Although big data governance on cloud architectures uses the same principles as “regular” data governance, there are several considerations businesses should take into account in order to prevent data assets becoming data liabilities.
In any type of IT environment it is important policies are implemented and enforced to govern the availability, usability, integrity, and security of data. The failure to govern data effectively can result in one of a business’s major assets becoming a liability if it is incapable of providing the insights businesses need to increase revenue, reduce risk, and drive competitive advantage.
When a business operates in the cloud, huge volumes of data can be amassed quickly. Data governance policies have to be capable of managing the huge volumes from potentially thousands of sources so that businesses can be assured the data remains trustworthy. Without trustworthy data it is impossible to make well-informed and accurate decisions.
The exact content of data governance policies will vary from business to business depending on the nature of its operations and the industry it operates in. However, there are four basic policy types that should be the foundation of big data governance on cloud architectures. These address the structure of data, how it is accessed, how it is used, and how it is secured.
Data structure policy
The data structure policy controls the format in which data is collected, processed, and stored. The policy’s purpose is to prevent unstructured data compromising the ability to turn raw data into actionable intelligence.
Data access policy
The data access policy defines which users and applications can access which types of data. Predominantly a security measure, the data access policy also aims to preserve the integrity of data and prevent unauthorized alterations.
Data usage policy
A data policy usage policy is necessary for regulatory compliance. The policy should stipulate data can only be used for the purpose it was collected for and, once the purpose is concluded, the data should no longer be retained.
Data security policy
A separate data security policy is necessary to govern how data is stored. For example, data containing personal identifiable information (PII) should always be encrypted both at rest and in transit.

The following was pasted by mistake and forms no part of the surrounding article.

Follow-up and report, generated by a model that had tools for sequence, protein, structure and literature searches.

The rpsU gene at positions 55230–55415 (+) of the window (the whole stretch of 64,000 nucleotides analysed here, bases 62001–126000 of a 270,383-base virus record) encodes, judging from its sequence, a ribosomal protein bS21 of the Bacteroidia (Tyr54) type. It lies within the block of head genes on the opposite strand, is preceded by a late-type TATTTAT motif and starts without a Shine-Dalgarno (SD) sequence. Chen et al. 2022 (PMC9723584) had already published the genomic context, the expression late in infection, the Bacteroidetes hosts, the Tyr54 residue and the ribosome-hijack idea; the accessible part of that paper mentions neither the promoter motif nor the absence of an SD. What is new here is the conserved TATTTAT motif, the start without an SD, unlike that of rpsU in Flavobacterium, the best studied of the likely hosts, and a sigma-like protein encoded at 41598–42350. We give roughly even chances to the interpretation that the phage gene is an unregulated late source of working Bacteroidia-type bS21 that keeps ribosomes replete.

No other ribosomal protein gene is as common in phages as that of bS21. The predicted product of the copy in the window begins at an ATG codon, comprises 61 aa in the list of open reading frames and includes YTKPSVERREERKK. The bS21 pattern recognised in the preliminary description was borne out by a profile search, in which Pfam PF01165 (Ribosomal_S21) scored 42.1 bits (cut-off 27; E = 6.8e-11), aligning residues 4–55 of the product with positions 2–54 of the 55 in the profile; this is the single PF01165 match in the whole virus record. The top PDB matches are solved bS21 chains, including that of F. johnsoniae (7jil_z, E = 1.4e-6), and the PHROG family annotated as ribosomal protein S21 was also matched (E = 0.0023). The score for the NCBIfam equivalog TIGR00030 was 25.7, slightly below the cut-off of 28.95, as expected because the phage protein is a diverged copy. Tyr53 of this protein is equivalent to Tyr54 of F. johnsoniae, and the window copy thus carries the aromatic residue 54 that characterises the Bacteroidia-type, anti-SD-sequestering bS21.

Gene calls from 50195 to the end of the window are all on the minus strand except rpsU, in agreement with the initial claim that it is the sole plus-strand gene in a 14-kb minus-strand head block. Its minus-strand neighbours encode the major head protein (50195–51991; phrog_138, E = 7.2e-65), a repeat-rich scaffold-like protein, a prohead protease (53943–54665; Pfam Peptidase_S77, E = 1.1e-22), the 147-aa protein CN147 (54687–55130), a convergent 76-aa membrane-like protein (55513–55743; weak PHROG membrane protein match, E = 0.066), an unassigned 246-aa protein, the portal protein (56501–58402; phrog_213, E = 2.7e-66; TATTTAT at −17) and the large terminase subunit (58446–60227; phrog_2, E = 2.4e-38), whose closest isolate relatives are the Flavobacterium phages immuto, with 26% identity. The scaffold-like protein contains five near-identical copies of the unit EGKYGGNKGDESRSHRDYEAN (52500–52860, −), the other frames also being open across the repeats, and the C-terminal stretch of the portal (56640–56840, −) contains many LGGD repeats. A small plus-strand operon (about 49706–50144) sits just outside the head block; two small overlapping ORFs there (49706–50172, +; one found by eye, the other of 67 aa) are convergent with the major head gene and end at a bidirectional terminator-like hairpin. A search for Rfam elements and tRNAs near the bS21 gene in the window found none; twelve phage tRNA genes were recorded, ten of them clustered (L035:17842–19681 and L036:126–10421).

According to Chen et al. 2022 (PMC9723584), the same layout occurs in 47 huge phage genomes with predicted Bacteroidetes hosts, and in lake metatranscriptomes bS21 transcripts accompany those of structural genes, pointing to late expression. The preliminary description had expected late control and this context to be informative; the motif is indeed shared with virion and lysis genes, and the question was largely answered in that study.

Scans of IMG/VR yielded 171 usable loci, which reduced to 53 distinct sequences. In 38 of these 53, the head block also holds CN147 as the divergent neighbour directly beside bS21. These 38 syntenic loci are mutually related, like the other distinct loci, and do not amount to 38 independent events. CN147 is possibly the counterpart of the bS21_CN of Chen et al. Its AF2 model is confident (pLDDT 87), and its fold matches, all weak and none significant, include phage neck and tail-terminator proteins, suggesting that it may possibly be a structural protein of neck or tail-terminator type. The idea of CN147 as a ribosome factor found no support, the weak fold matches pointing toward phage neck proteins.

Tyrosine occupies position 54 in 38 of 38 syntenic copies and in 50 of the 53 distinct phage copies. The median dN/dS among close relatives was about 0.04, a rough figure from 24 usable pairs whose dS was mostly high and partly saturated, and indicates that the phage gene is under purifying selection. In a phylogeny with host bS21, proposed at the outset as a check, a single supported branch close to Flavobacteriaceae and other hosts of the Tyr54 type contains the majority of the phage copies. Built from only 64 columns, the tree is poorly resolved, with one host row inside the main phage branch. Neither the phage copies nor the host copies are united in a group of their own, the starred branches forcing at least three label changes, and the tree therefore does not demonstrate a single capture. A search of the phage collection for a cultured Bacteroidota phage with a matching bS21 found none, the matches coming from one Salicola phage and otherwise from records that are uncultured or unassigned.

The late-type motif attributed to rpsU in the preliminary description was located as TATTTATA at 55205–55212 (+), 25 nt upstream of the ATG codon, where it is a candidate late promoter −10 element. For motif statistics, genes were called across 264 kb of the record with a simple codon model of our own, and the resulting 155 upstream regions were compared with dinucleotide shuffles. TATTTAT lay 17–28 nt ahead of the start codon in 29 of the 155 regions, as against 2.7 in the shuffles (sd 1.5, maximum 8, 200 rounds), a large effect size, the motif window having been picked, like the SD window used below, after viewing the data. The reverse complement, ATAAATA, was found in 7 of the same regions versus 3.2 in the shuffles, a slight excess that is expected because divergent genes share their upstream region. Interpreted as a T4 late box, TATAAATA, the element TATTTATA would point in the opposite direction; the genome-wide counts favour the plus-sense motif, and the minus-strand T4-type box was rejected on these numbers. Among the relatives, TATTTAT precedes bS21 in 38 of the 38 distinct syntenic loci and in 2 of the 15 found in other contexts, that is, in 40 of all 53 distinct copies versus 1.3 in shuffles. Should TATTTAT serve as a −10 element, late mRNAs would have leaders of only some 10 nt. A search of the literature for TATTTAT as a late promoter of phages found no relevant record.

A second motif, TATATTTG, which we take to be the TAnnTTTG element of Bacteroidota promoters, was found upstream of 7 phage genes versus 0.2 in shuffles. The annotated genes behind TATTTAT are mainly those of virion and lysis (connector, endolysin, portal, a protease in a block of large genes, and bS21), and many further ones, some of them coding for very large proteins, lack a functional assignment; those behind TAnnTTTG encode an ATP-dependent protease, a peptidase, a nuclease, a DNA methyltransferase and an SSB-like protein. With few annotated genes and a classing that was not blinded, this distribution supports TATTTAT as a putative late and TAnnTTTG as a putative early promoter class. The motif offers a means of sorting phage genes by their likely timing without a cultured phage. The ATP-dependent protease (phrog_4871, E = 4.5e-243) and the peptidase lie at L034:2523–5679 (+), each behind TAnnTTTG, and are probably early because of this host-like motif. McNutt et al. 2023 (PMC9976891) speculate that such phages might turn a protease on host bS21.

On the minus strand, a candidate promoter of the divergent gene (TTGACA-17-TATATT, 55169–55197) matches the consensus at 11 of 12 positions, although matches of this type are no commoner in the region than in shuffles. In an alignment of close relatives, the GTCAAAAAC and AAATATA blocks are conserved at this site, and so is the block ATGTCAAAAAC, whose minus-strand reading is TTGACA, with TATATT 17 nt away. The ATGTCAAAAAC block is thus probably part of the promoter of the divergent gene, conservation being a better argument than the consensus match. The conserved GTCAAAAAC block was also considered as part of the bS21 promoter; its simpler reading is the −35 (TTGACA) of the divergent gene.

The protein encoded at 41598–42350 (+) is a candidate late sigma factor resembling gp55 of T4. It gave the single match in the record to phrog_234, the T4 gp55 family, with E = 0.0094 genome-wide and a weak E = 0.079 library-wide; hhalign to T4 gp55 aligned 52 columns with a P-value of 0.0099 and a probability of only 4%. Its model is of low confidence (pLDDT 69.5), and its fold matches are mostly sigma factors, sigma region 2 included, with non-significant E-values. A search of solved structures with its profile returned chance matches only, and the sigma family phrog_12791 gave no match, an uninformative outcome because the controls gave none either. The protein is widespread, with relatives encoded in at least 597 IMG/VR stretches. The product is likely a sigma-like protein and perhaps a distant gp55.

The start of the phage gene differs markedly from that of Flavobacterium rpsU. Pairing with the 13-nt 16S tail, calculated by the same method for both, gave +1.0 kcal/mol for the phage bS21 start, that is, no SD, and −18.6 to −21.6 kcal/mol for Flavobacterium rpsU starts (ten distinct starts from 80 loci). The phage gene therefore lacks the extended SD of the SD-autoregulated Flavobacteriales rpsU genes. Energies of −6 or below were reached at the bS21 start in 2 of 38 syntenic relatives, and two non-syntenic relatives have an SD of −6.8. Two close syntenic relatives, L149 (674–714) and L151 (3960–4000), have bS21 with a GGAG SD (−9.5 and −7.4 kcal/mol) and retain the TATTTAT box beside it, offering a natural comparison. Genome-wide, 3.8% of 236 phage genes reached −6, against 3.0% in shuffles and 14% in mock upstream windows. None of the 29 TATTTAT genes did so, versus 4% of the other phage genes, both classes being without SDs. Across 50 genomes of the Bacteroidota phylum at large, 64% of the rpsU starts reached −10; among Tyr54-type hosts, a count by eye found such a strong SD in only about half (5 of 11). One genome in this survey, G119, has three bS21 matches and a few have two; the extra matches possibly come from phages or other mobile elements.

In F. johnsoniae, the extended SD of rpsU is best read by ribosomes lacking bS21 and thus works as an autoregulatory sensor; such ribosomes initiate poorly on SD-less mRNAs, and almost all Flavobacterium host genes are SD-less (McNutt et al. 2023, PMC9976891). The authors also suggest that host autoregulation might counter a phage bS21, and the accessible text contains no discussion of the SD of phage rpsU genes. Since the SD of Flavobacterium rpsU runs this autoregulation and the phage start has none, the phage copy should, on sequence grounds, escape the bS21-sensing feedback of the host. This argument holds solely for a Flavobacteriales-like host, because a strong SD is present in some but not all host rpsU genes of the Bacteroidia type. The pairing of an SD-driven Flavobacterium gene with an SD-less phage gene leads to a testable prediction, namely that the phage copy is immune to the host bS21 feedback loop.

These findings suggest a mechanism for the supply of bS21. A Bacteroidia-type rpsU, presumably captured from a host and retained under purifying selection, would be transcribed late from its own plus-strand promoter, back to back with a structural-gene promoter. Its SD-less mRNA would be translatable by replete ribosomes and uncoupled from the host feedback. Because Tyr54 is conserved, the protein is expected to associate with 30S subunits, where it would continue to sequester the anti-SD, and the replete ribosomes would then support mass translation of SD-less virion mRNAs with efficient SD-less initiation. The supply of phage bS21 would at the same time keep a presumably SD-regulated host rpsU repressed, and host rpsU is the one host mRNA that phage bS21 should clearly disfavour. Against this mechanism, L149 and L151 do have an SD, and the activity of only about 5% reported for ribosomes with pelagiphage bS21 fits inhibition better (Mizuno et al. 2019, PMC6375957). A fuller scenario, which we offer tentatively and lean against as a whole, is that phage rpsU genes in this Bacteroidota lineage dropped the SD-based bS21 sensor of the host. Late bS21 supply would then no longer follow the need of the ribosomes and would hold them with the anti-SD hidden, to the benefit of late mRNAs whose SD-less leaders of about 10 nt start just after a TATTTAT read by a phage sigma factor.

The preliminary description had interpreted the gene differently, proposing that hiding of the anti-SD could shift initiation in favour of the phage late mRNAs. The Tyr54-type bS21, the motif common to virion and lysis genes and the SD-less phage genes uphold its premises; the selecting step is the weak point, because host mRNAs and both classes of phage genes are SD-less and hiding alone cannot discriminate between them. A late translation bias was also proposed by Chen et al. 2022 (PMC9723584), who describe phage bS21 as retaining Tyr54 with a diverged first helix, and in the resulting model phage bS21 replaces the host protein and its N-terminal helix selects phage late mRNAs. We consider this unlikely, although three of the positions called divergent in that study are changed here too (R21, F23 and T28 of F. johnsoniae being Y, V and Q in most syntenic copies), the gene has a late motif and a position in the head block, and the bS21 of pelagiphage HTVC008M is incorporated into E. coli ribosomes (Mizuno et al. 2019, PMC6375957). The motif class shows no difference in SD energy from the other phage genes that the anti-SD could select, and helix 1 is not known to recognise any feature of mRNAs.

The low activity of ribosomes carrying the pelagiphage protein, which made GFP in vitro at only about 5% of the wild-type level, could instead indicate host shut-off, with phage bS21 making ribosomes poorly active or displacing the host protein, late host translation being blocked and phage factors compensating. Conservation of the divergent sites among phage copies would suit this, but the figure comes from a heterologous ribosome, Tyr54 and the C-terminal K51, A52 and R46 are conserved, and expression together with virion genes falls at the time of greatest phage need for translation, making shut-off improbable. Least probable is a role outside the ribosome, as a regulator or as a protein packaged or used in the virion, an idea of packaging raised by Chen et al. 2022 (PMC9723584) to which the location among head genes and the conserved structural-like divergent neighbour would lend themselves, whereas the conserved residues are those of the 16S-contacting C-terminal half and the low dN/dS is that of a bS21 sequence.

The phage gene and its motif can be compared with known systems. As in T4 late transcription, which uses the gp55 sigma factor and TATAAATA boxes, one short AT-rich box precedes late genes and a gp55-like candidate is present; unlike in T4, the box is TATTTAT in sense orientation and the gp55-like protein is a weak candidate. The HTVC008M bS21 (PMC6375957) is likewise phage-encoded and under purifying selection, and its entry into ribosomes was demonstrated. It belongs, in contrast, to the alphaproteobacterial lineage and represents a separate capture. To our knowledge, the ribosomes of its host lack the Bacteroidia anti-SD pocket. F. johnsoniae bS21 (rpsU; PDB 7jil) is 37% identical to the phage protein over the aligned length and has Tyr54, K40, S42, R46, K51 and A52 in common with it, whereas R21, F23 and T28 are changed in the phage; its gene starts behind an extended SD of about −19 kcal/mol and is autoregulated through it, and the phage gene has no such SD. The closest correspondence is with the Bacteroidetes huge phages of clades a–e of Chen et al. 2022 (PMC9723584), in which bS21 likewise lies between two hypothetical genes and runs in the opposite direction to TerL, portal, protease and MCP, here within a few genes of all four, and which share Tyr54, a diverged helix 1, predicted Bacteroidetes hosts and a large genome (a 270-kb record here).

Considerations for big data governance on cloud architectures
The four policies above are the basics of data governance regardless of how much data is being collected, processed, or stored. However, due to the way in which big data is processed (i.e. using a parallel processing model rather than a linear processing model), there are many more endpoints to govern, which increases the complexity of big data governance in cloud architectures.
Cloud experts agree that big data governance is too complex for human capabilities and recommend automated governance solutions. An automated cloud governance solution monitors the cloud environment to ensure compliance with data policies and, when a policy violation is found, can either alert administrators to the violation or initiate a function to prevent or correct the violation.
Examples of how automated big data governance works
To automate big data governance on cloud architectures, system administrators simply configure the automated cloud governance solution with the policies they want to enforce and the measures the solution should take when a policy violation is identified. In relation to the four types of policy mentioned above, an automated cloud governance solution can:
- Ensure data is collected in the required format by managing how it is recorded (i.e. alpha-numeric or case sensitive)
- Revoke user access if an attempt is made to access data outside of working hours or via an unrecognized IP address
- Enforce data retention policies by managing archived data and automatically deleting data that no longer serves a purpose
- Initiate a function to encrypt unencrypted storage volumes or block access to publicly-accessible storage volumes
Learn more about the best policies for governance in our whitepaper “Benchmark Your Cloud Maturity: A Framework For Best Practices”.